Updated: Nov 27, 2021
For readers who immediately jump to the end of a review in order to get the bottom-line judgment, let me state it immediately. This well-recorded release is the best Schumann recital from an American pianist in years. Reed Tetzloff has a strong, assured technique; he is in total sympathy with Schumann’s idiom, and he has deeply thought through his interpretations of the four works on the program but especially the two main ones, Carnaval and Piano Sonata No. 1 in F♯ Minor. Anyone who loves these works is very likely to come away in admiration of how maturely Tetzloff approaches such a fascinating, whimsical, impetuous, self-divided genius as Schumann.
On first hearing Kreisleriana at the age of 17, Tetzloff says in the booklet interview, he thought that the piece was “a soundtrack for life itself.” With this perspective as a jumping-off point, Tetzloff expresses himself eloquently about every facet of Schumann’s musical personality. Typically, presenting an interview in lieu of proper program notes is barely second-best, but in this case something remarkable is revealed. America has a tradition of producing pianists with a strong intellectual bent—one could name Charles Rosen, Russell Sherman, and Jonathan Biss—all writers of insightful books. Tetzloff’s interview is as penetrating, intelligent, and cultivated as any of his predecessors.
He unravels the multi-dimensional scheme behind Carnaval as a kind of literary mystery, using the kaleidoscopic image of a masked ball at Carnival time populated by a raft of characters. These range from musical celebrities (Paganini and Chopin) to the two romantic attachments Schumann had at the time (Clara Wieck, whom he knew from childhood, and his then-fiancée Ernestine von Fricken) and his own imaginary alter egos, Eusebius and Florestan. This much most pianophiles know, but Tetzloff elaborates on the enigmatic use of the four-note sequence that dominates Carnaval, E♭-C-B-A, which Schumann’s intricate literary mind recombined to signify his own name, Clara’s, and the town of Asch, where Ernestine lived. Then there is the hidden significance of saving the key of C for Clara (a lifelong association) and the keys around E for Eusebius and F for Florestan.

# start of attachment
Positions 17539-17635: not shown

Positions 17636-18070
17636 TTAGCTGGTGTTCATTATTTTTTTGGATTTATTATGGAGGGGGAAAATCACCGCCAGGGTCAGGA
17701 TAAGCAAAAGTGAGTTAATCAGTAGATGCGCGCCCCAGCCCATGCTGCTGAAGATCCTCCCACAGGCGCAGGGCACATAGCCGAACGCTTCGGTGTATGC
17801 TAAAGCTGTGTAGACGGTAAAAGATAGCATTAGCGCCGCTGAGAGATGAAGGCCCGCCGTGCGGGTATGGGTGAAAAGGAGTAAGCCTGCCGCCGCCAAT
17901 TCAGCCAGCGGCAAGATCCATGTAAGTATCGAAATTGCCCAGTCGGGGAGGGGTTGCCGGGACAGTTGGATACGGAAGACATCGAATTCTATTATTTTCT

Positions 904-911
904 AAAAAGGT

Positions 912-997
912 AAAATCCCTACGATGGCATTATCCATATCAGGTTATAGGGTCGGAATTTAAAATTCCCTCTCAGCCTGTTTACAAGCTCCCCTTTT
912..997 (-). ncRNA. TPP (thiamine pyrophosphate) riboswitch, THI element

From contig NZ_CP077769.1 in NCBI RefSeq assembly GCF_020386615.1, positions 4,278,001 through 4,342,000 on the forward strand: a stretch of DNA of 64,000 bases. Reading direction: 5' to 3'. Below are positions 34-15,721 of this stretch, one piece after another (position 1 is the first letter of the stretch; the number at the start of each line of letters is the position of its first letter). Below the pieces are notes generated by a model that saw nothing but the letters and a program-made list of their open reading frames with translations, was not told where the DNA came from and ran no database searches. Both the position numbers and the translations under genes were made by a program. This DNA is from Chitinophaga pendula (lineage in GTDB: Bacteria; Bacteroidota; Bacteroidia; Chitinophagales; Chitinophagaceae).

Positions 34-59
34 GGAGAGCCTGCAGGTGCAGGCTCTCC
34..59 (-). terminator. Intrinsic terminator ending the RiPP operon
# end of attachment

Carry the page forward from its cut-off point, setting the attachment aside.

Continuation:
Tetzloff explores these intricacies deeper than any other pianist I’ve heard commenting on the piece, rising almost to Rosen’s exalted intellectual level. But at the same time I reflected that Rosen as pianist couldn’t always equal the insights of Rosen as writer. Occasionally Tetzloff runs into this limitation, too. His general style in Schumann favors exuberance, energy, and excitement (Florestan’s persona) over poetry and dreaming (Eusebius’s persona). Everything is musically satisfying, but considering that the pianist’s keyboard heroes are Cortot and Uchida, he isn’t able to free his imagination quite as much as they do.
Tetzloff’s technique allows him to be riveting in a section like “Paganini” and the final March of the Davidsbund. The extrovert movements in Sonata No. 1 come off best; despite his poetic feeling for the Aria movement when he talks about it, there is a certain sameness of touch that inhibits the actual performance. If Tetzloff had Uchida’s sensitivity of touch, he’d transcend any of the younger American pianists I get to hear on disc. As it stands, I’d place Andrew Tyson ahead of him for both imagination and touch, and an established interpreter like Biss exhibits more depth through his fingers—right now Tetzloff’s words are ahead of his fingers.
I hasten to add that I am setting him beside the great Schumann interpreters that linger in memory. There have been superlative readings of the two short works on the program, Arabeske and Romance No. 2 from the three Romances of op. 28—Clara thought that the latter, which was written for her, the tenderest music she had ever heard, and half a century later she asked to hear it on her deathbed. Tetzloff’s readings are exemplary, but I’m not sure they move the listener as much as the music, as he tells us, moves him.
I can’t find a date of birth for Tetzloff, but he was born in Minneapolis, graduated with bachelor’s and master’s degrees from the Mannes School, and is New York based. He has placed in several competitions, tours internationally, including in China, and seems to be carving out a busy career. In other words, he occupies the middle distance in the very tough, demanding life of a concert pianist. I hope this release brings him wider recognition. On the strength of his Schumann, he deserves to be seen as a striking talent with great future prospects.